Students at Wewahitchka Jr./Sr. High School, with saws in hand, welding helmets on, and stars in their eyes about being on the stage in its spring drama production, are off on a new year.
This is what principal designee, April Bostwick, said about Principal Jay Bidwell and what he brought to his post five years ago.
“Learning it’s not static,” Bidwell said. “There never comes a point at which a person cannot learn so anyone can learn ways to learn better.”
Growth has included creating a new welding class, keeping carpentry curriculum alive, and getting kids to dream bigger in Arts programs.
This is all while maintaining a focus on keeping academic standards on par with state expectations through online content-driven Khan Academy, which sponsored a contest last year, through its back-to-school initiative, that Wewahitchka won.
LearnStorm, is Khan Academy's free program that gives teachers a way to jump-start a school year. It works by, “combining growth–mindset activities and lesson-aligned practice,” driving mastery of core skills, classroom motivation, and student confidence.
The video that was made about the school as a result features reading and ELA teacher Cameron Totman, who along with seventh- and eighth-grade teacher Misty Wood helped Khan write math materials to Florida standards.
“It was a big deal for us to have been in it,” said Bidwell. “Both are using it.”
Totman added, “LearnStorm was more enjoyable than traditional practices and kids were motivated by seeing their progress on the tracker.
“The biggest impact for those who engaged in its self reflection activities, are that they’ve learned the skill of goal setting and that’s going to affect them their whole lives. They are going to be able to keep going.”
In the video, senior Amber Runyon said, “One thing I leaned from the activities is your intelligence can grow just like your muscles and that is something that really stuck with me because I didn’t know that before.”
“The world is going digital,” Bidwell said, “and we need to start finding good resources in schools. Khan has been the first one, that has been a significant, curriculum-changer here.”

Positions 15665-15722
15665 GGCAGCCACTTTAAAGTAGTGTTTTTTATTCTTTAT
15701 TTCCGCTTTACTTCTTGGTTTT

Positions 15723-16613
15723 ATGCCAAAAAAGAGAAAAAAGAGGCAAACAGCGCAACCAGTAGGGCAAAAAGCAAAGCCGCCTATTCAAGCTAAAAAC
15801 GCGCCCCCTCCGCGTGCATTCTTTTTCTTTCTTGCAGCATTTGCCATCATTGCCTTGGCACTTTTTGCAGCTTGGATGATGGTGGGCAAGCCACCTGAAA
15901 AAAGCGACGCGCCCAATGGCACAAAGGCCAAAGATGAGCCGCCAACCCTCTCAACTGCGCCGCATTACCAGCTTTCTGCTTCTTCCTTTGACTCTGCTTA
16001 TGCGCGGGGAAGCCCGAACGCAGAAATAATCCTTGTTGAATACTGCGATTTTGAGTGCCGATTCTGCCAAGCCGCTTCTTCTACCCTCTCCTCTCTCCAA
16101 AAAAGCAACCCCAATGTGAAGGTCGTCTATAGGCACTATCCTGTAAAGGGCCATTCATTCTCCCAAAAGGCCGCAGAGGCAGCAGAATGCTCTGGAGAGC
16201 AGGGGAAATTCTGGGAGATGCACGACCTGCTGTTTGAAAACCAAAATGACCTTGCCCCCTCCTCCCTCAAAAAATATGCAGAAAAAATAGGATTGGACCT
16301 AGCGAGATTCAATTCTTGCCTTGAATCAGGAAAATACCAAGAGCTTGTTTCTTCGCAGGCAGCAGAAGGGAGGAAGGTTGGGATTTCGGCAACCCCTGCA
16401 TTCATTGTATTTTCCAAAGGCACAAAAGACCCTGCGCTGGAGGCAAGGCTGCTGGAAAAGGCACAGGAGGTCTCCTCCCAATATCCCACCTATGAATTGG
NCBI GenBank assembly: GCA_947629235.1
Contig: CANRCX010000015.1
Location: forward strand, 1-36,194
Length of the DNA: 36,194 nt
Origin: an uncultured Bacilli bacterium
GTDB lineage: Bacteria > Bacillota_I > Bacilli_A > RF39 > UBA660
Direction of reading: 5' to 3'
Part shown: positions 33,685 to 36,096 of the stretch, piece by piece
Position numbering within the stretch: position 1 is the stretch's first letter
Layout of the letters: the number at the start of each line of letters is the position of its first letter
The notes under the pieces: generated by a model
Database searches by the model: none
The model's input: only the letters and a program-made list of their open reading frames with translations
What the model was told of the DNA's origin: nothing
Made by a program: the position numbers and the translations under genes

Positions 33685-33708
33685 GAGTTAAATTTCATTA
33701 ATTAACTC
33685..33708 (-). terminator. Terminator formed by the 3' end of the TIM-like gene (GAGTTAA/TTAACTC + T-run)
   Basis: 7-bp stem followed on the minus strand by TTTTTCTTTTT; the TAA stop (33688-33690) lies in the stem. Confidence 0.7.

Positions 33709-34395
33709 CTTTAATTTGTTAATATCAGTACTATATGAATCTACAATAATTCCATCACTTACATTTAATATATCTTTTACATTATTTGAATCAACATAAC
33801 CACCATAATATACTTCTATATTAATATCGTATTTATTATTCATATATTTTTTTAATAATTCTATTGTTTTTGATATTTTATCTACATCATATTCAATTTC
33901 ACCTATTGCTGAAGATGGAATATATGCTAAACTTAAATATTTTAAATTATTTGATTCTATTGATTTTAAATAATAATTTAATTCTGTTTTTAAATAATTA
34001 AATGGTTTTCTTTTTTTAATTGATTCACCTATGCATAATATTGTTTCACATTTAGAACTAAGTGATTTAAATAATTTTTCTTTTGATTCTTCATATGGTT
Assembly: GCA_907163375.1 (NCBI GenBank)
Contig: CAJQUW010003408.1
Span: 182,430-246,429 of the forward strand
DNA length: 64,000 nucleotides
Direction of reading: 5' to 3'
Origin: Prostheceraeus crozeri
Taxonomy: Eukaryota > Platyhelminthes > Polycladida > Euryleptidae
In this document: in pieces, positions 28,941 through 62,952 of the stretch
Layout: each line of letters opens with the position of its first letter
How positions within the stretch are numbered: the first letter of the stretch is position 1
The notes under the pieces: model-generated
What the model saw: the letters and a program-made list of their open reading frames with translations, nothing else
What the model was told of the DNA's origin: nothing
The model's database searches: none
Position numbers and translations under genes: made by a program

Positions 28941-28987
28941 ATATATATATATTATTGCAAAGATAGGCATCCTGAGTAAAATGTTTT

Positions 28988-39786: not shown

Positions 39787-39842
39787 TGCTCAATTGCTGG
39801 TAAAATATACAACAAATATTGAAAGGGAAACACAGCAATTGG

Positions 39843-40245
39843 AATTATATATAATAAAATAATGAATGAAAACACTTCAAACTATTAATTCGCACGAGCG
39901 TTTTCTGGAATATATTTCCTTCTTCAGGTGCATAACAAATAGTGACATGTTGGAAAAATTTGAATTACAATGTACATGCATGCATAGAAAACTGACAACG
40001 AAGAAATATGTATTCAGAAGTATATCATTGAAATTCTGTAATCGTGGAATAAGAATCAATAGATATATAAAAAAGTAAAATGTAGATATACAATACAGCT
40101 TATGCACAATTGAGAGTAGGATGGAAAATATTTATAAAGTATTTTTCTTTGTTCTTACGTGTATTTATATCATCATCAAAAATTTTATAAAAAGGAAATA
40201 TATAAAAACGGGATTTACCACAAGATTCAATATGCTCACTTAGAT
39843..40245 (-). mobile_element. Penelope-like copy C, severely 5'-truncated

Three teachers retired last year but 70-year-old Esther Taunton came out of retirement to serve as a math and sciences teacher.
She has taught K-12 in the district for 40 years and “has more energy than a 30-year-old and has taught three-quarters of the town,” said Bidwell.
On the vocational side, the welding course was brought in by grant funding and as with all if its hands-on programs has a classroom side and it is the aim of teacher Eddie Price to start certifying students with the National Center for Construction Education and Research (NCCER).
Price brought equipment from his own garage to get started this year until the new tools are delivered.
Carpentry teacher Eric Bidwell echoed the goal to, “offer as many industry certifications as possible so that students have a chance to start work immediately.”
His program has over 50 kids in three foundational modules.
Bidwell also heads up the agriculture lineup in its third year and says every day is experimental combining science with small engine training and strict testing.
“We want to tune students in,” he said.
Bidwell is also proud of its fine Arts program.
“We’re about becoming a little academy,” he said. “Kids don’t get to see culture here, less than in Port St. Joe.”
Runyon, and fellow senior, Brett Roper, recently auditioned for, and participated in five-weeks at Gulf Coast College’s summer stage.
“It is nice to be at a small school,” she said. “We have more opportunities to be in a show.” Roper plans on attending Gulf Coast and continue acting.
School secretary, Ashley Forehand also reported the first day of games was fun. Bidwell, who encourages students and staff to be active said every year, he challenges the Student Government Association (SGA) to impress him with indoor activities, and every year the students exceed at that.
“It was a fabulous way to welcome students back,” said Forehand.
“I’m pumped up,” said Bidwell. “So I want to imprint that to do a good job, we all have to be 99-percent pumped up, too.”
The next community event the school will hold is a show and meal program by a six of its arts classes, held on Veteran’s Day in November.